US intelligence reveals that Chinese President Xi Jinping has instructed his country’s military to “be ready by 2027” to invade Taiwan although he currently harbors doubts about his ability to do so given Russia’s experience in the war with Ukraine, CIA director William Burns said.

Burns, in a televised interview broadcast Sunday, stressed that the United States must take “very seriously” Xi’s desire to ultimately control Taiwan even if military conflict is not inevitable.

“We know, as has been made public, that President Xi has instructed the PLA, the Chinese military leadership, to be ready to invade Taiwan in 2027, but that does not mean he has decided to invade in 2027 or any other year as well,” Burns told CBS’ “Face the Nation.”

“I think our assessment at least is that President Xi and his military leadership have doubts today about whether they could carry out that invasion,” he said.

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Taiwan and China split in 1949 after a civil war that ended with the Communist Party in control of the mainland. The self-governing island functions as a sovereign nation but is not recognized by the UN or any major country. In 1979, President Jimmy Carter formally recognized the government in Beijing and severed inter-country ties with Taiwan. In response, Congress passed the Taiwan Relations Act, creating a benchmark for a continued relationship.

Taiwan has received many displays of official US support for the island democracy in the face of growing shows of force from Beijing, which claims Taiwan as part of its territory. President Joe Biden has said that US forces would defend Taiwan if China tries to invade. The White House says US policy has not changed by making clear that Washington wants to see Taiwan’s status resolved peacefully. It is silent on whether US forces might be sent in response to a Chinese attack.

In Sunday’s interview, Burns said support from the United States and European allies for Ukraine following Russian President Vladimir Putin’s invasion of the country could serve as a potential deterrent for Chinese officials for now, but said the risks of a possible attack on Taiwan will only increase. stronger.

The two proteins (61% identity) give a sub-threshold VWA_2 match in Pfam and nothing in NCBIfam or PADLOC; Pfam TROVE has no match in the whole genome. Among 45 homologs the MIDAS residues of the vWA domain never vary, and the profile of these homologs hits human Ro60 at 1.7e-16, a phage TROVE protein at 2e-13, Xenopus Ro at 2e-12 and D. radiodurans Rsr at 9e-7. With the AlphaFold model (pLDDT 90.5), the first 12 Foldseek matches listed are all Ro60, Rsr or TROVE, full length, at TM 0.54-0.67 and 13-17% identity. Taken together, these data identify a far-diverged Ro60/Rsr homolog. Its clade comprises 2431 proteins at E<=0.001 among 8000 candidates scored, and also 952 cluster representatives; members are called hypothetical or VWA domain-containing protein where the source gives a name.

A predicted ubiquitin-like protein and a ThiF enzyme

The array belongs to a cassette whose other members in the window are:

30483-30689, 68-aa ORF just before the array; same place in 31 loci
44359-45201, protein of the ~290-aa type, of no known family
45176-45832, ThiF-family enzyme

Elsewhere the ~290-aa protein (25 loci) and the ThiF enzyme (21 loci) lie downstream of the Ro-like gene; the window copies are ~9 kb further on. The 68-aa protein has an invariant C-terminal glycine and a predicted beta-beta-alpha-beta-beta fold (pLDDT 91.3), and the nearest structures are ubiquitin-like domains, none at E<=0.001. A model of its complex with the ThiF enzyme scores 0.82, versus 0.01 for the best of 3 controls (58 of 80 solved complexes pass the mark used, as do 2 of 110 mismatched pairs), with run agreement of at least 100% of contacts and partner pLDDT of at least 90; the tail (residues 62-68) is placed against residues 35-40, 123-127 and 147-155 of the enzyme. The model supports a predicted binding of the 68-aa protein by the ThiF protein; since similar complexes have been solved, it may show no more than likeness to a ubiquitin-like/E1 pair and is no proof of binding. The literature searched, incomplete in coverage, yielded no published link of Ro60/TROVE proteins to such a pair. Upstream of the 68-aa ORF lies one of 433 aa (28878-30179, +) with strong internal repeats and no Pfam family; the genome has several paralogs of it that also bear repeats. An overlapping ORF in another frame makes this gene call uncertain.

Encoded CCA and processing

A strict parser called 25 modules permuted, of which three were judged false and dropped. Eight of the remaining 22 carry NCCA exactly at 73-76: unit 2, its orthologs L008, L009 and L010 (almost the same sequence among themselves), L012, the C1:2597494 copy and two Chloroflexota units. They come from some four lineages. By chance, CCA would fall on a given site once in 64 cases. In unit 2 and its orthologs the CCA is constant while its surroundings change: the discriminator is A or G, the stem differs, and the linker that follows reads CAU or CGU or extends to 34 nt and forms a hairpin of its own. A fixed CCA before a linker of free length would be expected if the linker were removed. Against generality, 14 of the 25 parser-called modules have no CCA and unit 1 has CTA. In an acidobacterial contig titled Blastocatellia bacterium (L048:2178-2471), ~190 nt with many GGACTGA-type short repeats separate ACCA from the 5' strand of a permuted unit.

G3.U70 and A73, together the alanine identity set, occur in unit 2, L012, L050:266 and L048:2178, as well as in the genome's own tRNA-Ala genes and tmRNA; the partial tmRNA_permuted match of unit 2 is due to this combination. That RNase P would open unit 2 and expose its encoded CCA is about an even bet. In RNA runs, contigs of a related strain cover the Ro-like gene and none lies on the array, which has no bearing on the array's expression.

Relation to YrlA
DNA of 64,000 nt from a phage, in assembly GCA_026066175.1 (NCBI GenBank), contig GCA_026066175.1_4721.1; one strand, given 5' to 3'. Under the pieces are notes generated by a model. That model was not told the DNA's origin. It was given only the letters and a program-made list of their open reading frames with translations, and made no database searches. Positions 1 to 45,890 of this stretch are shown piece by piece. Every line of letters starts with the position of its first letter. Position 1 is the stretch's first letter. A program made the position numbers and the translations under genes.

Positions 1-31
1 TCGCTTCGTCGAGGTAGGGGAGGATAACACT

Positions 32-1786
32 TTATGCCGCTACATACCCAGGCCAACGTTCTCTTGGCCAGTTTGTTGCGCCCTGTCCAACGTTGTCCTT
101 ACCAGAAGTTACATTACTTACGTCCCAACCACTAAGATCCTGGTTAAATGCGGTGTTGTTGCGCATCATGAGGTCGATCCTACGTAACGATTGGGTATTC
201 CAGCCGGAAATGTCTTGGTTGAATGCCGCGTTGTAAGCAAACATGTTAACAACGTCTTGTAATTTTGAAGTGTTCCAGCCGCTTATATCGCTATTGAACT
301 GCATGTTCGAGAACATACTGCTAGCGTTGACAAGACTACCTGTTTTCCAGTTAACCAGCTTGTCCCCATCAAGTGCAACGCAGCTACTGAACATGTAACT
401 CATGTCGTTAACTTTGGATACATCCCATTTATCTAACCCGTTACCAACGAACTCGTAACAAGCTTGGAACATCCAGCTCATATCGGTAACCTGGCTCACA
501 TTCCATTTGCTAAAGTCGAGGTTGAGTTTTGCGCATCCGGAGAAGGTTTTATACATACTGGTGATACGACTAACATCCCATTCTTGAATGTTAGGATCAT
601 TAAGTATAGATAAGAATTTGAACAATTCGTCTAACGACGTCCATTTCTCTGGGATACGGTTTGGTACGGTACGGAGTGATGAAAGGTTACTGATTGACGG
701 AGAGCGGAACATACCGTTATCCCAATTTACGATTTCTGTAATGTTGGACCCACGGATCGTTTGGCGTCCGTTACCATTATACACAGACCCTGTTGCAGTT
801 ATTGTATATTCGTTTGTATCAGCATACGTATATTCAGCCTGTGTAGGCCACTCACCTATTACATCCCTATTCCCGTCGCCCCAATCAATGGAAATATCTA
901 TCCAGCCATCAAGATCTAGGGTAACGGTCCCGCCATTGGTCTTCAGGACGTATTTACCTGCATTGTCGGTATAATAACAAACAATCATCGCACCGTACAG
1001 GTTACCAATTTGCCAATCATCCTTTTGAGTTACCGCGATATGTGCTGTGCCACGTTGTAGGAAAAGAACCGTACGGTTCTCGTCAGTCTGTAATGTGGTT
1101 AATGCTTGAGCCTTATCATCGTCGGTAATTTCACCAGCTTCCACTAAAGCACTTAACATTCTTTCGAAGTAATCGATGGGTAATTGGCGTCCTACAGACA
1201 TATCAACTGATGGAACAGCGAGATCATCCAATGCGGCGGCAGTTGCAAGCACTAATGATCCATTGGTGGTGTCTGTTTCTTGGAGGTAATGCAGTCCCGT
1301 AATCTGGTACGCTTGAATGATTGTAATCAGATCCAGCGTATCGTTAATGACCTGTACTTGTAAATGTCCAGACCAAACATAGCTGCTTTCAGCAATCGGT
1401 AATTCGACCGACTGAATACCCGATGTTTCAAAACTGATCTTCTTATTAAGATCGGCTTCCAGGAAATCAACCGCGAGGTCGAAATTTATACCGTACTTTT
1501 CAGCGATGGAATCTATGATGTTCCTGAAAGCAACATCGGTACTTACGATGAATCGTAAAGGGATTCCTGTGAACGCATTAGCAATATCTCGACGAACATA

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“I think when they’ve looked at Putin’s experience in Ukraine, it’s probably reinforced some of those doubts,” Burns said. “So, all I would say is that I think the risks of, you know, a potential use of force probably grow the further into this decade you go and beyond that, even into the following decade.

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“So it’s something obviously that we’re looking at very, very carefully,” he said.

China accuses US of ‘bullying’ with new ‘illegal’ sanctions

China on Monday accused the United States of “direct bullying and double standards” as it leveled what it called “illegal” sanctions against Chinese companies as part of U.S. measures against Russia’s Wagner group and related companies and individuals.

Units were targeted for their role in the war in Ukraine and mercenary activities, including human rights abuses, in Africa.

The sanctions “have no basis in international law or authorization from the Security Council, and are typical of illegal unilateral sanctions and long-arm jurisdiction,” Foreign Ministry spokesman Mao Ning said at a daily briefing.

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The punitive measures “seriously harmed China’s interests” and China “strongly rejects and regrets it and has submitted solemn complaints to the US side,” Mao said.

“While the United States has intensified its efforts to send weapons to one of the parties to the conflict, resulting in an endless war, it has often spread false information about China’s arms supply to Russia and seized the opportunity to sanction Chinese companies without reason. ,” She said. “This is pure bullying and double standards.”

The Treasury and State Departments announced the moves in joint statements targeting dozens of Wagner Group affiliates, including some in the Central African Republic and the United Arab Emirates, as well as the president of Russia’s Kalashnikov Concern, the original maker of the AK-47. automatic carbine.

Wagner, a private Russian military company, has been involved in heavy fighting in eastern Ukraine.

The sanctions also hit the Chinese company Changsha Tianyi Space Science and Technology Research Institute Co. Ltd., also known as Spacety China, which has provided Wagner Group affiliates with satellite images of Ukraine supporting Wagner’s military operations there. A Luxembourg-based subsidiary of Spacety China was also targeted.

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